Quick Review (LP): How To Become Clairvoyant by Robbie Robertson

Robbie Robertson
How To Become Clairvoyant
429 Records; 2011

My Rating: C (48/100)

Best Tracks: "When the Night Was Young", "He Don’t Live Here No More"

Is Clapton a verb? As in, “He totally Clapton’d this record?”

RANDOM NOTES:

– He was rarely The Band’s voice, but he was its chief songwriter, and a darn good one at that.
– A bit smooth and suave, and sort of bland in a Clapton-ish sort of way.
– Honestly, I was hoping for a record of big Americana pop songs, much like his solo debut.
– And then Clapton shows up on Track 6. It had to happen, right?
– It all sounds a little bit too good times-ish. I’d love to hear something with a little more bite.
– "Madame X" rocks it Weather Channel style.
– There’s no stamp here, nothing that screams at me "This is the new Robbie Robertson record!" Other than the fact that it is the new Robbie Robertson record, but you know what I mean.
– Is it just me, or does he sound like a less talented John Mayer knockoff?
– "He Don’t Live Here No More" recalls some of the pop brilliance of his eponymous solo offering, which is a far superior record.
– I do like "When the Night Was Young", but it does seem a bit pathetic lyrically.
– "She’s Not Mine" sounds a bit like something U2 might produce today, which unfortunately is not a compliment.
– In my mind, the ability of old rock stars to age gracefully has a gold standard represented best by Mark Knopfler, with the last 10 years of Bob Dylan recordings as a close silver.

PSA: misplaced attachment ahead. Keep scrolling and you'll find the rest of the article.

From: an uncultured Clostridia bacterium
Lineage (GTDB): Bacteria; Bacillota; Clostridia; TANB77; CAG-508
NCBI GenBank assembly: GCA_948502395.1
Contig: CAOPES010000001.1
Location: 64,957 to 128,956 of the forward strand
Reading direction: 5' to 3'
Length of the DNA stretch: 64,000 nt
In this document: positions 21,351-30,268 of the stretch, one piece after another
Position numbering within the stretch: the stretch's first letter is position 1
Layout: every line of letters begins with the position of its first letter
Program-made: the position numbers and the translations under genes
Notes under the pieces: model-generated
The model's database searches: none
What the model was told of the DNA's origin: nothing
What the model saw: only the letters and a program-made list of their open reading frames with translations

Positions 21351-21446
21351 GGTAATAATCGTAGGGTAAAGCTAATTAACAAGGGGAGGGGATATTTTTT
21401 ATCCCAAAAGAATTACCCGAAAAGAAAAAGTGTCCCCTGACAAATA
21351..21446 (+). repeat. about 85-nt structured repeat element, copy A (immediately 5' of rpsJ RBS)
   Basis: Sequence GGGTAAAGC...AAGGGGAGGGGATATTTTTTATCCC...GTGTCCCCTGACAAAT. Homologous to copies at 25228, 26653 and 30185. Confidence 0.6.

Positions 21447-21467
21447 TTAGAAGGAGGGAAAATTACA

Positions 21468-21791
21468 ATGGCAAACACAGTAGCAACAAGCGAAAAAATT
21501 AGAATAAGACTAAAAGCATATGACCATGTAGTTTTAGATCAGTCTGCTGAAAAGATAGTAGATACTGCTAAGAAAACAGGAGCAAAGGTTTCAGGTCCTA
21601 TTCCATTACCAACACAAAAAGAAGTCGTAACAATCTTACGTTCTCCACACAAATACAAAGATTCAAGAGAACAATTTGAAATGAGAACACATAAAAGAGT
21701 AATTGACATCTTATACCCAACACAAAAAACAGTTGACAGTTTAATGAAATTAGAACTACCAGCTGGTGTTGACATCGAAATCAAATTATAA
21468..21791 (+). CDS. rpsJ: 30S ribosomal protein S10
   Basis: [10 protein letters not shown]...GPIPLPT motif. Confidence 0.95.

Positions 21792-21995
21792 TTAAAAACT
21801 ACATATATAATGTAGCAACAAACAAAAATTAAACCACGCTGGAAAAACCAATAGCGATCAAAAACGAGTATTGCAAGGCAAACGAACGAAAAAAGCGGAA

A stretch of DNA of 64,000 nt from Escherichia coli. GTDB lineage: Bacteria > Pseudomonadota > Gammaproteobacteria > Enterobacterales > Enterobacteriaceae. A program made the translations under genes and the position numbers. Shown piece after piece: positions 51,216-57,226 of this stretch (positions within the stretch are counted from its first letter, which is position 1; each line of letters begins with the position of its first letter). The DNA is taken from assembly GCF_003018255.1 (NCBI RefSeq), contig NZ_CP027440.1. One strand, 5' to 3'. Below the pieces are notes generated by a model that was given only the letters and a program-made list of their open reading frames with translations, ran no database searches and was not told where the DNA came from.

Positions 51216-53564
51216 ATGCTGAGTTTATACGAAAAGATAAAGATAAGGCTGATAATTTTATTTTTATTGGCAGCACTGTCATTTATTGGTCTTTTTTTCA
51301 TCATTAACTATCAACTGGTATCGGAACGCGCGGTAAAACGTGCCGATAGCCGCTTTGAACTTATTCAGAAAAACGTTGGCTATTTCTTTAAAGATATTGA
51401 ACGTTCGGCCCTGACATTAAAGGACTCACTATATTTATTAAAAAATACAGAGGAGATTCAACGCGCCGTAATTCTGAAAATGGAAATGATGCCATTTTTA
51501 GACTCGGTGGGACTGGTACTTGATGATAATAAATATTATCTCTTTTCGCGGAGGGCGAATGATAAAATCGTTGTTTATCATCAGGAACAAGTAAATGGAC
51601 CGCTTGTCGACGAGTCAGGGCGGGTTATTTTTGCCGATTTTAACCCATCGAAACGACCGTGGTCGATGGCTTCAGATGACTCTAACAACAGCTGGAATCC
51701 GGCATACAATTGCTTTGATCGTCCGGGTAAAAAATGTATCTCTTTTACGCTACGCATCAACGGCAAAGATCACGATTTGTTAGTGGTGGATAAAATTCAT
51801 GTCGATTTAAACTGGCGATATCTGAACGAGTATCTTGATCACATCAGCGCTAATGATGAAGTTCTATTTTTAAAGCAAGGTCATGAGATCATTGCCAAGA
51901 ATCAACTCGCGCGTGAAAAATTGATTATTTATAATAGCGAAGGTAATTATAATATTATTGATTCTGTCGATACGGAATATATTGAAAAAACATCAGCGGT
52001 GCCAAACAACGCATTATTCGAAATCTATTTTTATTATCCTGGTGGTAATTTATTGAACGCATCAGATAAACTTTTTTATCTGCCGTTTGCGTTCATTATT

James Leven (Paste) gets it right: "Still, Clairvoyant feels a bit underpowered when you consider the sheer tonnage of talent surrounding it." "With Peter Wolf and Robert Plant out making records that push the needle in the revered oldster lane, Robertson and his famous friends could easily have taken more names."
– Queue us all wishing that he’d get back together with Levon so that he could get re-inspired by a little southern badassery.
– As far as aging rock stars go, you have a spectrum that ranges from Eric Clapton to Bob Dylan. This clearly leans heavily to the Eric Clapton side of things.

ATTRIBUTES
Cohesion (4/5)
Concept (4/5)
Consistency (3.5/5)
Consequence (4.5/5)
Songs (3/5)

Quick Review (LP): Kiss Each Other Clean by Iron & Wine

iron and wine kiss each other clean Iron & Wine
Kiss Each Other Clean
Warner Bros.; 2011

My Rating: B (66/100)

Best Tracks: “Tree By The River”, “Monkeys Uptown”, “Godless Brother In Love”, “Glad Man Singing”

Prediction: one of these days Sam Beam will make a lullabye-metal record, entitled Iron Maiden & Wine. For now, we must content ourselves with his exceedingly pleasant indie-folk, and Kiss Each Other Clean shouldn’t make anyone upset at that fact. Now from what I know of Iron & Wine, this is the grandest stretch Beam has yet made. It’s essentially a record that celebrates the soft-rock of the 70’s, with a little bit of Stevie Wonder’s good-times-funk thrown in for flavor. As for references, Paul Simon and Fleetwood Mac are primary, and “Half Moon” recalls Clapton‘s “Promises” big time. This is a friendly record, wide-eyed and fatherly, full of great melodies and warm, clever arrangements. Additionally, the best tracks feature some truly lovely moments, especially “Tree By The River” and “Godless Brother In Love.” This isn’t a great record – the last song in particular sort of stinks – but Beam deserves accolades for taking some serious chances here. A 70’s throwback record could easily have sounded hokey coming from Beam, but he pulls it off rather well. That’s much easier said than done. Worth a listen for fans of the soft-rock sound.

Concept (4.5/5)
Cohesion (4.5/5)
Consequence (3.5/5)
Consistency (4/5)
Songs (4/5)

AMG review
Pitchfork review
SputnikMusic review